Friday, 27 February 2009

The Anglican Covenant: A House on Sand

As the March 9th deadline approaches for Provincial responses to the Covenant Design Group, an odd but telling paradox is emerging; in order to stabilise the Anglican Communion, it seems essential that the Covenant’s biblical foundations should be weak. During debate at the Church of England’s General Synod earlier this month, the Archbishop of Canterbury articulated a view which resonates with many in the liberal leaning Churches of the Communion when he stated that the Covenant is ‘part of an ongoing inquiry of what a global Communion might look like.” and “At every stage it is something which churches voluntarily are invited to enter into."

But how is this weakness? Is it not simply a commitment to listening with a generous spirit? Experience of the ‘listening process’ over the past ten years has taught the orthodox to be wary as in practice it has served to subvert discipline and lend credence to false teaching. And this persistent impression can’t be waved aside as the suspicious interpretation of those opposed to the revisionist agenda. Paul Elie in his March Atlantic Monthly article ‘The Velvet Reformation’ praises Rowan Williams for ‘prodding the communion toward acceptance of gay clergy’ as he doggedly persists in trying to keep everyone at the table.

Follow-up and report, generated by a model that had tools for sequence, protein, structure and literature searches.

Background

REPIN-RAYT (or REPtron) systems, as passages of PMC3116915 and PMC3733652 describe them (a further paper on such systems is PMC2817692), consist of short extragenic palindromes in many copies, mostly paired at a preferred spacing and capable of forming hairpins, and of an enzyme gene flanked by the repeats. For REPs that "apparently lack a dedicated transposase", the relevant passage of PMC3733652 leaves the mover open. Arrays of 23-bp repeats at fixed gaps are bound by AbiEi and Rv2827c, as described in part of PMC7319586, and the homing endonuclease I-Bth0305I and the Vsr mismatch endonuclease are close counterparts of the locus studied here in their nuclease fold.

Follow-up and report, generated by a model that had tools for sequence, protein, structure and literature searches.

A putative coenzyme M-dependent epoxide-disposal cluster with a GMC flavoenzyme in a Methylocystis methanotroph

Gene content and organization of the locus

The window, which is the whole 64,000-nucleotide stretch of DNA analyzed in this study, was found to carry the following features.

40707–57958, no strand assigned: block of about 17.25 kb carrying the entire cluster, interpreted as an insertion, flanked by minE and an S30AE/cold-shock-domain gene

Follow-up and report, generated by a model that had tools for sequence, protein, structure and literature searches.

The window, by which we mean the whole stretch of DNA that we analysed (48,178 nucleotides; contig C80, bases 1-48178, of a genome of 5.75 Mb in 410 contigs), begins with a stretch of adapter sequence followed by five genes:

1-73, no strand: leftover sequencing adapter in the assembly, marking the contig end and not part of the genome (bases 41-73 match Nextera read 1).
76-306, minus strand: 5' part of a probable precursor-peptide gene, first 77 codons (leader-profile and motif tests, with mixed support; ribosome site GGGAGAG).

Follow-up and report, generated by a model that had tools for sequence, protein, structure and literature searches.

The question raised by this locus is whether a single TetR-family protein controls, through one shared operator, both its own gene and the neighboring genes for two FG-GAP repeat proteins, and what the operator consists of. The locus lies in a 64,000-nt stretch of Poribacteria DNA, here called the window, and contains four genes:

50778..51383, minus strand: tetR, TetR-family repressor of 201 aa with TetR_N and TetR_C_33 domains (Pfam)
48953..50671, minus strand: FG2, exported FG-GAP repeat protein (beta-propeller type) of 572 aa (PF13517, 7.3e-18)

The particular danger of this emphasis upon relationship and process rather than confessional integrity is that the orthodox become acclimatised to a church culture which dulls their biblical awareness. GAFCON clearly represents a significant break with that culture, but resisting it is a continual discipline and a recently released video of an interview with Dr J I Packer helps to keep things in proper context.

In a discussion about the difference between first and second order issues, he says that the closest parallel with the current crisis in the Anglican Communion is not even the Reformation, but the Arian controversy of the fourth century which threatened to undermine the whole Church through the denial of the incarnation. Even more striking than this parallel however is the strength of Dr Packer’s feeling; when asked how he feels, he says he is sick at heart, deliberately echoing the distress of the prophet Jeremiah (8:18) at the rebellion of God’s people and its destructive consequences. Read more

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